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La Dolce Vita – Best of all worlds: Hearty Food, History, and Art. However you define the sweet life, Italy satiates the appetite. Feed your passion for authentic cuisine, which varies by region, and feast your eyes on Roman ruins and art by masters Michelangelo and Leonardo Da Vinci in museums around the country. Even the landscape – from the Amalfi Coast to the dramatic Dolomites, postcard perfect Tuscan hills, Venetian canals, and mirror-like Lake Garda and Lake Como – conspires to suit all tastes.

The creator made italy from designs by michelangelo!

 Mark Twain


When it’s time for a break from Italy’s art museums, Roman ruins, and churches, sunseekers flock to the Amalfi Coast, a collection of small towns and villages, including the hilltop town of Positano, Amalfi and Ravello – each with it’s own unique character and appeal. From the quintessential village of Positano, to the fragrant hilltop gardens of Ravello. Here, you’ll find sandy beaches, the scent of lemon hangs in the air, and pastel fishing villages cling to hillsides, strung along a rugged coastline of limestone cliffs and spectacular views. The Amalfi is a feast for the eyes.


 Whether you’ve been to Venezia two or 20 times, there’s always something new to discover, in the romance capital of the world. Getting lost in the city’s labyrinthine network of islands, bridges, cobblestone alleys, and canals – is half the fun! Spend the afternoon wandering from palace to piazza, exploring the small art museums, shopping the stalls that line the streets, visiting the lively fish market, or drift along the canals by gondola at night. You may also enjoy seeing a Verdi or Puccini masterwork at the newly restored Teatro La Fenice, the city’s famous 1836 opera house. It’s no surprise that Venice is always at the top of everyone’s travel bucket list. If you’re planning a trip to this Italian city, here are a few of our favorite romantic places to stay.


Lake Como’s appeal is a timeless one. Located in the north of Italy, near Milan, this natural paradise has been a popular destination since the time of the ancient Romans. More recently, it’s made headlines as George Clooney and Amal’s famous hideaway. Lake Como travel means exploring medieval remnants in stone villages like Bellagio and Varenna; it also means a look at opulent villas on lakeside estates, rolling vineyards, olive trees, wisteria vines and Alpine peaks are the cherry on top.


“Once known as the Pale Mountains, the dramatic dolomite rock formations crowning the top of Italy seem to erupt skyward from the region’s verdant alpine meadows”.  The Dolomites is one of the most beautiful – and under the radar – places in Italy to book your next vacation to.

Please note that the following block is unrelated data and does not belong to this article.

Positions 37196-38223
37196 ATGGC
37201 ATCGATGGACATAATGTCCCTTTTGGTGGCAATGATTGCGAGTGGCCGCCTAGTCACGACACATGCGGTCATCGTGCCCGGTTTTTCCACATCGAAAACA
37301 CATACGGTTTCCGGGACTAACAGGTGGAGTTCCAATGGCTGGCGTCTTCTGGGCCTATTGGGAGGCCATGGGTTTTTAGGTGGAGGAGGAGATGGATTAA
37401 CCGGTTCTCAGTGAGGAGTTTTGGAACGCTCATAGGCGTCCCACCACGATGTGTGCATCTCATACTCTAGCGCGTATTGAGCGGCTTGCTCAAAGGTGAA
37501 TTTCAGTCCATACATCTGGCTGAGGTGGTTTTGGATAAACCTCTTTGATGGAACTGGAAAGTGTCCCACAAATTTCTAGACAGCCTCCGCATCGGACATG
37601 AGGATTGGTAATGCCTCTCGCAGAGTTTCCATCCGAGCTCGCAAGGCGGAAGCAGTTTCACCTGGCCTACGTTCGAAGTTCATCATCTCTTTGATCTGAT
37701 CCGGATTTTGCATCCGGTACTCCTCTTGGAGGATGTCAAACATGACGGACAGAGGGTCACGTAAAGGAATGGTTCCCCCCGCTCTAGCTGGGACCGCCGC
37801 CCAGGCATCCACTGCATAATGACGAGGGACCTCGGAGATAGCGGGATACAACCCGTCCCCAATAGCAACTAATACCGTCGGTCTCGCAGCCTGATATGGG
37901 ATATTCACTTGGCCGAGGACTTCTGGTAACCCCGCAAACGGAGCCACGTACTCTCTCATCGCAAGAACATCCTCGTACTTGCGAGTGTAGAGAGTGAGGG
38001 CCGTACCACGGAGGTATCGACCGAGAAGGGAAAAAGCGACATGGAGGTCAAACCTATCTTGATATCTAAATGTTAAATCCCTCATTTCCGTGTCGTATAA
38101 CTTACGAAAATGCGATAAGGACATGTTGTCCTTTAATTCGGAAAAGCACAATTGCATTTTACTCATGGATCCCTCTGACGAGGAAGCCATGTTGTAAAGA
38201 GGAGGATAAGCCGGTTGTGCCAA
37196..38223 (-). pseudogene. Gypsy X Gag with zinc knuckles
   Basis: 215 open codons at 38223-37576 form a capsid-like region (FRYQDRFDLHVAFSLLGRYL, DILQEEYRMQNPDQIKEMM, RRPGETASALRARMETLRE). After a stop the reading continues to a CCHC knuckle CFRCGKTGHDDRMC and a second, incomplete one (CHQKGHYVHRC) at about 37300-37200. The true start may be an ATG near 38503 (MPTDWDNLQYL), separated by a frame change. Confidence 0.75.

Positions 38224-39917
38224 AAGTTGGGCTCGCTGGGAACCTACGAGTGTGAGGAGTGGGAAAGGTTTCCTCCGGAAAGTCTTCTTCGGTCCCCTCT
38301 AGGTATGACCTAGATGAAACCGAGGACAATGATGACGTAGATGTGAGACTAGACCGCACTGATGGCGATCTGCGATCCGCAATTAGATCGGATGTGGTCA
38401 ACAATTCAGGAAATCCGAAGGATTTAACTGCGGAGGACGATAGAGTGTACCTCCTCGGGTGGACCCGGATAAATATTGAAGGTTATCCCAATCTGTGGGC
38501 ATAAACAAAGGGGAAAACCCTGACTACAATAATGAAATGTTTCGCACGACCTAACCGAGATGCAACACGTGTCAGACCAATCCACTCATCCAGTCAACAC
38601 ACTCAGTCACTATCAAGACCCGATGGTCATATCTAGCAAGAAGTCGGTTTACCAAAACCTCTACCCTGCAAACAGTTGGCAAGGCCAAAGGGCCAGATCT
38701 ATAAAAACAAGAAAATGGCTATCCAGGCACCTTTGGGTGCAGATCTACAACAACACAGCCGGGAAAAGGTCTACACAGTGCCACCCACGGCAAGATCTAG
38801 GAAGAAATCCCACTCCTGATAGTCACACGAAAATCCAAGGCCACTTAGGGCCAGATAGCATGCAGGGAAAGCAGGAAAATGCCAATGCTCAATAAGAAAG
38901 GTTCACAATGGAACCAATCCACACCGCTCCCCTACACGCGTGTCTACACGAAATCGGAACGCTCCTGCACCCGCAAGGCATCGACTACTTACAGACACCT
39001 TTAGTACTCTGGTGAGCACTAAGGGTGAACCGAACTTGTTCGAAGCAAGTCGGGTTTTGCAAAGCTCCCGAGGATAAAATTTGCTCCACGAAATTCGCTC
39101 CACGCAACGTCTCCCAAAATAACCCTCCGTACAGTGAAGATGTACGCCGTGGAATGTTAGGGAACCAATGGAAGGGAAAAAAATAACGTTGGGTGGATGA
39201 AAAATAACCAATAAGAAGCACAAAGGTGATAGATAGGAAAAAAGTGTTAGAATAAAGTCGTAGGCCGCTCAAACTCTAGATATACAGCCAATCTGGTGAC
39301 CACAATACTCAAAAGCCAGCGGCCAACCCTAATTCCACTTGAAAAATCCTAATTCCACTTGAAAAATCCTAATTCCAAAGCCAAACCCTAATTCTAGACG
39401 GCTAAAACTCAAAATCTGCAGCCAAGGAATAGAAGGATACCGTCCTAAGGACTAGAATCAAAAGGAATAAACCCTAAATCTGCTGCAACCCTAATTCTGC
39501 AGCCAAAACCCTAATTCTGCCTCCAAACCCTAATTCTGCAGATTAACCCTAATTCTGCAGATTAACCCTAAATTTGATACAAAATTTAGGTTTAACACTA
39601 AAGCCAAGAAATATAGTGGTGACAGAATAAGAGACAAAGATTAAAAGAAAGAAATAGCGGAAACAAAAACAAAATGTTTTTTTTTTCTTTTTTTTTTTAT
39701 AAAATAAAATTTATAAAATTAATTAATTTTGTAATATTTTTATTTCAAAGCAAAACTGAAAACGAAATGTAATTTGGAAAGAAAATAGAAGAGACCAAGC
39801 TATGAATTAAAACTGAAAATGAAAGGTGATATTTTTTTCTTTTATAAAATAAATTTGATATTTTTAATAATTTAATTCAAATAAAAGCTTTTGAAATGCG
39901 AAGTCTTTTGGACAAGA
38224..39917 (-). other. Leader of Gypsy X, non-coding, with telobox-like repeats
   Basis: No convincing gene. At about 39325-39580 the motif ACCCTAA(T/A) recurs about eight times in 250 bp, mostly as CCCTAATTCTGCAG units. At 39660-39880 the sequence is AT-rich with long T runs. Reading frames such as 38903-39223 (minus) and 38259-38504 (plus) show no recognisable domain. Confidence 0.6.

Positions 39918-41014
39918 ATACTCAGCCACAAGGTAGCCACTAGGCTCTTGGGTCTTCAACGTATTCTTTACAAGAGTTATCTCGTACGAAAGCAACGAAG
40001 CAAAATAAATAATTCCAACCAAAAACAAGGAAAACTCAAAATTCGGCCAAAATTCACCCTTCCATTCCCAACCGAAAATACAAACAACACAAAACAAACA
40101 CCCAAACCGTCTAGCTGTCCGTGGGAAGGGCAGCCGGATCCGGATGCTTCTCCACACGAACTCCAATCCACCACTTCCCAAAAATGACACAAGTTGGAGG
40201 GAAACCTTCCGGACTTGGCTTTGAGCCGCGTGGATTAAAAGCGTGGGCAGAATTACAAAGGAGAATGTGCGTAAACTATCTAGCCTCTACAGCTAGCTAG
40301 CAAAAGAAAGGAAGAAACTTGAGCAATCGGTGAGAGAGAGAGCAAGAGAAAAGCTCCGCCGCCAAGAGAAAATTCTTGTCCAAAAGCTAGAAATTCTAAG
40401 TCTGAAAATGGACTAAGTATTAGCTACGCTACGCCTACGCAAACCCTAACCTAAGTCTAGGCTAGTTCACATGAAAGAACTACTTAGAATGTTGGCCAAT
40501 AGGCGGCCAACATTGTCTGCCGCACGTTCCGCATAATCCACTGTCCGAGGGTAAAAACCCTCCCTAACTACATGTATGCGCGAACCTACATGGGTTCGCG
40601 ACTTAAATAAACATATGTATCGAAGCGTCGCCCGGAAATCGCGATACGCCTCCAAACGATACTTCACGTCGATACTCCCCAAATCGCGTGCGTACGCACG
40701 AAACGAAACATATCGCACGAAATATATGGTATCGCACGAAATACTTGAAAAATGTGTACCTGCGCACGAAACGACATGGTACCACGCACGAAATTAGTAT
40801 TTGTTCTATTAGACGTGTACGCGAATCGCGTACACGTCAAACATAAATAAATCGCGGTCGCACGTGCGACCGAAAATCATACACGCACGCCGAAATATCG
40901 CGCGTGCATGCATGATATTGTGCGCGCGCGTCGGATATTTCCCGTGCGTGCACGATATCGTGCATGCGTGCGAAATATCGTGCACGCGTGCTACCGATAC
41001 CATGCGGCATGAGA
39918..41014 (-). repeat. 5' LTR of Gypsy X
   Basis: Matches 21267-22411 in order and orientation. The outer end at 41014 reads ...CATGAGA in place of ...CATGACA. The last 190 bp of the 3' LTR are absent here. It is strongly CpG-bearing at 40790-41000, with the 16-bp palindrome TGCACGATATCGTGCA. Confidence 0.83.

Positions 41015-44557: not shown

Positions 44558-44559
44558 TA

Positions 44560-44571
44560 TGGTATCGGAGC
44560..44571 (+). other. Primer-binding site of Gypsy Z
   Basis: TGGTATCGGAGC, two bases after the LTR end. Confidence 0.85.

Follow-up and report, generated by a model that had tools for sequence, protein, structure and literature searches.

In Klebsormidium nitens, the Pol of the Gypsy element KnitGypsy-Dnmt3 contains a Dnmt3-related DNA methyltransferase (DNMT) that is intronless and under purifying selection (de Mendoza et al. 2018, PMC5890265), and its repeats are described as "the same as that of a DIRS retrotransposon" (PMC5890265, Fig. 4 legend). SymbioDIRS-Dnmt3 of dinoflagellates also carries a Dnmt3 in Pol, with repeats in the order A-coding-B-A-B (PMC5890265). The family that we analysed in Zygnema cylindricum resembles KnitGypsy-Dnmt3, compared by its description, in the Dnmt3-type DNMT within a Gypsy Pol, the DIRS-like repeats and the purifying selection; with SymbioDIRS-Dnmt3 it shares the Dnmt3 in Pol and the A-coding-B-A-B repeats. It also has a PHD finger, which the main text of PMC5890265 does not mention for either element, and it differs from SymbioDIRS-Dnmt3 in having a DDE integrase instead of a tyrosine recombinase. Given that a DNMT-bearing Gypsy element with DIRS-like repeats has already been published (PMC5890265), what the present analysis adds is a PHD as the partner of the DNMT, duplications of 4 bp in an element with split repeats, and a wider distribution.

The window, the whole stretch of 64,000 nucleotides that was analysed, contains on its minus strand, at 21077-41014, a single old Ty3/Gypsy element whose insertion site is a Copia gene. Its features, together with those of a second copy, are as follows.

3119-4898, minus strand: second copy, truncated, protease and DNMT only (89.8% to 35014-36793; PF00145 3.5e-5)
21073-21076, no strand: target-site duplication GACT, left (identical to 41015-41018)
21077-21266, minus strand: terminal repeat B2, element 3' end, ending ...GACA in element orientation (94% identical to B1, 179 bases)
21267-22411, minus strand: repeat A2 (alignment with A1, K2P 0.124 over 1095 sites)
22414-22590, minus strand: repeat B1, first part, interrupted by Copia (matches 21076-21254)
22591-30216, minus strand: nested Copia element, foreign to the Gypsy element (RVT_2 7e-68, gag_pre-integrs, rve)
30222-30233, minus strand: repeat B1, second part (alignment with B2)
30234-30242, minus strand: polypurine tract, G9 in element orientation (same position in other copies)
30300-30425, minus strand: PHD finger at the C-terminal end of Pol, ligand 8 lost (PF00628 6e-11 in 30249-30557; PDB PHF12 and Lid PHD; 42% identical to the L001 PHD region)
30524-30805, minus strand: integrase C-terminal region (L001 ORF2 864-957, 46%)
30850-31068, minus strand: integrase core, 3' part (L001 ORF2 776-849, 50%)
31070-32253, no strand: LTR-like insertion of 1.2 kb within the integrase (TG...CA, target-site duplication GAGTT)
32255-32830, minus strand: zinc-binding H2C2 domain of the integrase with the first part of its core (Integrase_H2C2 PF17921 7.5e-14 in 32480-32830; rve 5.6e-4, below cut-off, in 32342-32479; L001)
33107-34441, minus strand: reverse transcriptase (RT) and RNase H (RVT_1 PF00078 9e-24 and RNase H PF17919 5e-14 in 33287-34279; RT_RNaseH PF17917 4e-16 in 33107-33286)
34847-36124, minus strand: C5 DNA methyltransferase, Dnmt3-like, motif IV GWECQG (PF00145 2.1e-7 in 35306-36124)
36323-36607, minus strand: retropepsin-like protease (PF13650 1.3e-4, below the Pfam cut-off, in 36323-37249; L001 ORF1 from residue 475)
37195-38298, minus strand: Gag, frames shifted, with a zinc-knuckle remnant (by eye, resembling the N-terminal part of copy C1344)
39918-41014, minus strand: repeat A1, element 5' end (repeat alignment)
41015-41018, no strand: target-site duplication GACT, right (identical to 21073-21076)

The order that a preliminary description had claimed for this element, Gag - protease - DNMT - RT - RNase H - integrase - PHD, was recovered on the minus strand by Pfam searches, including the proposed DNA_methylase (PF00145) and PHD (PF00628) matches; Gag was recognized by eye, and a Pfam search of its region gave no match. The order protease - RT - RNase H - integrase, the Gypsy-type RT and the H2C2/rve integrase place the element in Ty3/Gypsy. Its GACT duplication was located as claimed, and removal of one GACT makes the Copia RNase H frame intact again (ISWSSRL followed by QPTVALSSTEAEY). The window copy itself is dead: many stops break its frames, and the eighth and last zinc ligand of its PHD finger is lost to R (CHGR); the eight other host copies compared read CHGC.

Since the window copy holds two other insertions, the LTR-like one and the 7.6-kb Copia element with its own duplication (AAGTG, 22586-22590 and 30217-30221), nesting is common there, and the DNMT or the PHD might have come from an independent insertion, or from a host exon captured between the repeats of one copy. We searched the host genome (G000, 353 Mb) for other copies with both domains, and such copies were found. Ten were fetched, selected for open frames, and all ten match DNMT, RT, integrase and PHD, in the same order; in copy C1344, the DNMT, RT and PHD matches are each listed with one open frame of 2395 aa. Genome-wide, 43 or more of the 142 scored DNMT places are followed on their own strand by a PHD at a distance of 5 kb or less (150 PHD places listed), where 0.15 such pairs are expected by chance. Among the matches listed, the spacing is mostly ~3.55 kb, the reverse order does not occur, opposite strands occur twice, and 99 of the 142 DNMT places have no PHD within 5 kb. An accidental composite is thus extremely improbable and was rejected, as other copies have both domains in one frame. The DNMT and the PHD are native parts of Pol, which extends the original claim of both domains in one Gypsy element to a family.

The Colosseum. The Forum. The Senate. Rome is the Eternal City, with unmatched history, culture – and food. Visit the Spanish Steps, the Trevi Fountain, and the manicured Villa Borghese park overlooking the city. Admire Michelangelo’s work at the Sistine Chapel and the spectacular St. Peter’s Basilica. You’ll never tire of this lively, chaotic, beautiful city. 



Puglia, a southern region forming the heel of Italy’s “boot,” is known for its whitewashed hill towns, centuries-old farmland and hundreds of kilometers of Mediterranean coastline. Capital Bari is a vibrant port and university town, while Lecce is known as “Florence of the South” for its baroque architecture. Alberobello and the Itria Valley are home to “trulli,” stone huts with distinctive conical roofs.


It could be said that no other province has had more impact on Italian—and European— culture than Tuscany. With its wine-soaked villages, art-rich cities, swathes of olive groves and truffle fields, and modern-fashion powerhouses (Gucci and Ferragamo, to name a few), Tuscany epitomizes la vera Italia. Travel to Tuscany to walk in the footsteps of history, and let Bespoke Travel Design show you the way.



A few years ago, Umbria was known, if at all, as Tuscany’s less alluring sister. Not any more: these days Italy’s “green heart” is every bit as celebrated as its more famous neighbour. The reasons are simple: the region has all Tuscany’s attributes – and a few more. Umbria is also a region where the food, wine, art, culture and architecture are the equal of any in Italy. Norcia, with its truffles, hams and cheeses, for example, is a gastronomic centre par excellence. It’s hard to put your finger on what sets Umbria apart – some quality to the light, a haze to the hills, a certain gentleness to landscape – but once you’ve visited you’ll understand, and wonder how this varied and beautiful region ever languished in its neighbour’s shadow.


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